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  • Bex Grimwood

WHAT IS OEKO-TEX STANDARD 100 CERTIFICATION?

CONTENTS

As you browse through the Terracotta & Twine website, you might notice that I mention the cord included in all my macrame craft kits being OEKO-TEX Standard 100 certified. I do like to brag about this quite frequently, but you might be thinking "awesome, good for you, but I have no idea what that is and it sounds a bit like echoey-texas", which is fair.


So I thought I'd take this blog post to talk about what OEKO-TEX certification is and why you should care.

A range of pastel coloured, Bobbiny branded macrame cords fill the frame. The cords vary in colour, size and style.
Photo credit: Bobbiny

THE BASICS

In simple terms, OEKO-TEX certification means that a textile product has been thoroughly tested and deemed to contain no harmful or allergenic substances.


This is great, because textiles usually spend a lot of time against your skin - think of everything you wear, or touch on a daily basis. Especially with something like macrame where you're spending hours running the cord through your hands, sending fibres out into the air and potentially even getting a couple of blisters. It's really important to know that you can fully immerse yourself in your project without having to worry about your macrame cord potentially causing you health problems. Saying that, you should probably take a break if you are getting blisters, but, I've been there. I get it.


OEKO-TEX certification can be applied to any textiles product, so things like a fully formed jacket (where everything is tested, including the zip), or a woven blanket or, cotton macrame cord.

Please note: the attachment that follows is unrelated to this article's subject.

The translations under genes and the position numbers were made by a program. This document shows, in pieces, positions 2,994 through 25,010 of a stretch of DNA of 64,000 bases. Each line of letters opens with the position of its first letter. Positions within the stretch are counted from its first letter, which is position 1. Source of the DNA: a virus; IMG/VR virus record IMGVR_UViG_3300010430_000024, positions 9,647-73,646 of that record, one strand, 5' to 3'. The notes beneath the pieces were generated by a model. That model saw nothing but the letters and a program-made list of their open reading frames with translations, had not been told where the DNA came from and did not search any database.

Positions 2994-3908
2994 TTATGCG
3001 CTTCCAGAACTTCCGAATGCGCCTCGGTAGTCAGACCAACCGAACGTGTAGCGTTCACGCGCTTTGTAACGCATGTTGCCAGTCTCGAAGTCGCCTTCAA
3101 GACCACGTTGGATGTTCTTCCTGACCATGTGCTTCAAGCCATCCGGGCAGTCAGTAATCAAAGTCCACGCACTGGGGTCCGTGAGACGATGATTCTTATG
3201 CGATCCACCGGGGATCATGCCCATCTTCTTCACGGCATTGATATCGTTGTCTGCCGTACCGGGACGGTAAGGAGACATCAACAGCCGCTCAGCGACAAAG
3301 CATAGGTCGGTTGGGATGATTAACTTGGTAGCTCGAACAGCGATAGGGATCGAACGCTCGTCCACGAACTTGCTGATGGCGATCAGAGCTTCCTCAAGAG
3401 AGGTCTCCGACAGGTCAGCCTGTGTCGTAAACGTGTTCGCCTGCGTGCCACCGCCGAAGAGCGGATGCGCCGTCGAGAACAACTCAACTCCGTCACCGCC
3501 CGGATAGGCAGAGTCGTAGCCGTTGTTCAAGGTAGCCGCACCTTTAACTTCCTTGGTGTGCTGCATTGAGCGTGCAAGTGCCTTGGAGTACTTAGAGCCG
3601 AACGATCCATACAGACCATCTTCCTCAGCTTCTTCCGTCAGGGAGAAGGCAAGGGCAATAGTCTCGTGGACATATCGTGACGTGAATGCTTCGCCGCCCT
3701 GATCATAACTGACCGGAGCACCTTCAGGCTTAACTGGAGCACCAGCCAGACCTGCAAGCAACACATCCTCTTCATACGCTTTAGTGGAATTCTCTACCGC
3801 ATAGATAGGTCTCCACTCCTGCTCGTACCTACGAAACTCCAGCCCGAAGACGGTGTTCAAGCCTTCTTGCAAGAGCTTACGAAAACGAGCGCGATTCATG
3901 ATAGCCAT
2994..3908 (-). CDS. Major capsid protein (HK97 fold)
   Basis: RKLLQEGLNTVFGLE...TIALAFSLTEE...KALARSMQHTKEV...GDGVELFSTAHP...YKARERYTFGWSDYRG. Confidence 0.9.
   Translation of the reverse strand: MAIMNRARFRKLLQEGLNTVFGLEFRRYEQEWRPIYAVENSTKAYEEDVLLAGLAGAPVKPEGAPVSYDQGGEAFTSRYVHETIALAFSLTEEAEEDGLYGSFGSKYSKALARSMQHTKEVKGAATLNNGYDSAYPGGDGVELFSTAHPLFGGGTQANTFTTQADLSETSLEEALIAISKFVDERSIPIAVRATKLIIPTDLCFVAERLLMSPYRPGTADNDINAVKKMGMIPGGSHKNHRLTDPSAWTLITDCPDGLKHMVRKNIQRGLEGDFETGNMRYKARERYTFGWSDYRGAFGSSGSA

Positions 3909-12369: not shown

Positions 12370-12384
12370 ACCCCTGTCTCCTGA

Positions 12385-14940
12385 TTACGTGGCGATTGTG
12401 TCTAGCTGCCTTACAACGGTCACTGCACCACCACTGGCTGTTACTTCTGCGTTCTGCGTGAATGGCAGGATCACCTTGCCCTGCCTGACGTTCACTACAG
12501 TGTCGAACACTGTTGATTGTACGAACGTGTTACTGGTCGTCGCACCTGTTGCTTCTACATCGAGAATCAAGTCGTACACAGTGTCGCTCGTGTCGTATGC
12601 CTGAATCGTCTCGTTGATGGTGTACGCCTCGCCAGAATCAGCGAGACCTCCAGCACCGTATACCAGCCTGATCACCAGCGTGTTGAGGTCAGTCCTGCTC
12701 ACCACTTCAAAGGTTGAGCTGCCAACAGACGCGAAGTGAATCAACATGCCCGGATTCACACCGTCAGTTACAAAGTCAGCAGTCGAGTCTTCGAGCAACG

WHO ARE OEKO-TEX?

Founded in 1992 (it's the same age as me!) OEKO-TEX is made up of 17 independent textile and leather testing institutes in Europe and Japan. I'm assuming each one is massive, because I don't actually think that sounds like very many if they're testing textiles from all over the world, really. They do also have offices in more than 70 countries, which allows them to work with manufacturers in any language necessary, without relying on the often confusing results from Google Translate.


Since their start in 1992, OEKO-TEX have become the best known and most trusted certification for textile safety in the world.


CLASSES OF OEKO-TEX CERTIFICATION

There are four 'classes' of certification. Each class has different requirements to meet, based on how much skin contact it has and the age of its intended users. For example, a pair of trousers for a baby must meet a much stricter criteria than a pair of curtains and your knickers must meet a stricter criteria than your belt.


The macrame cord included in my macrame craft kits - sourced from Bobbiny - has class 1 certification meaning it contains zero ingredients that could be harmful to babies or other humans. This is great news as it means you can create macrame products for anyone AND you don't have to be concerned about the amount of contact between your skin and the cord whilst you're crafting.


The breakdown of each class is as follows:


CLASS 1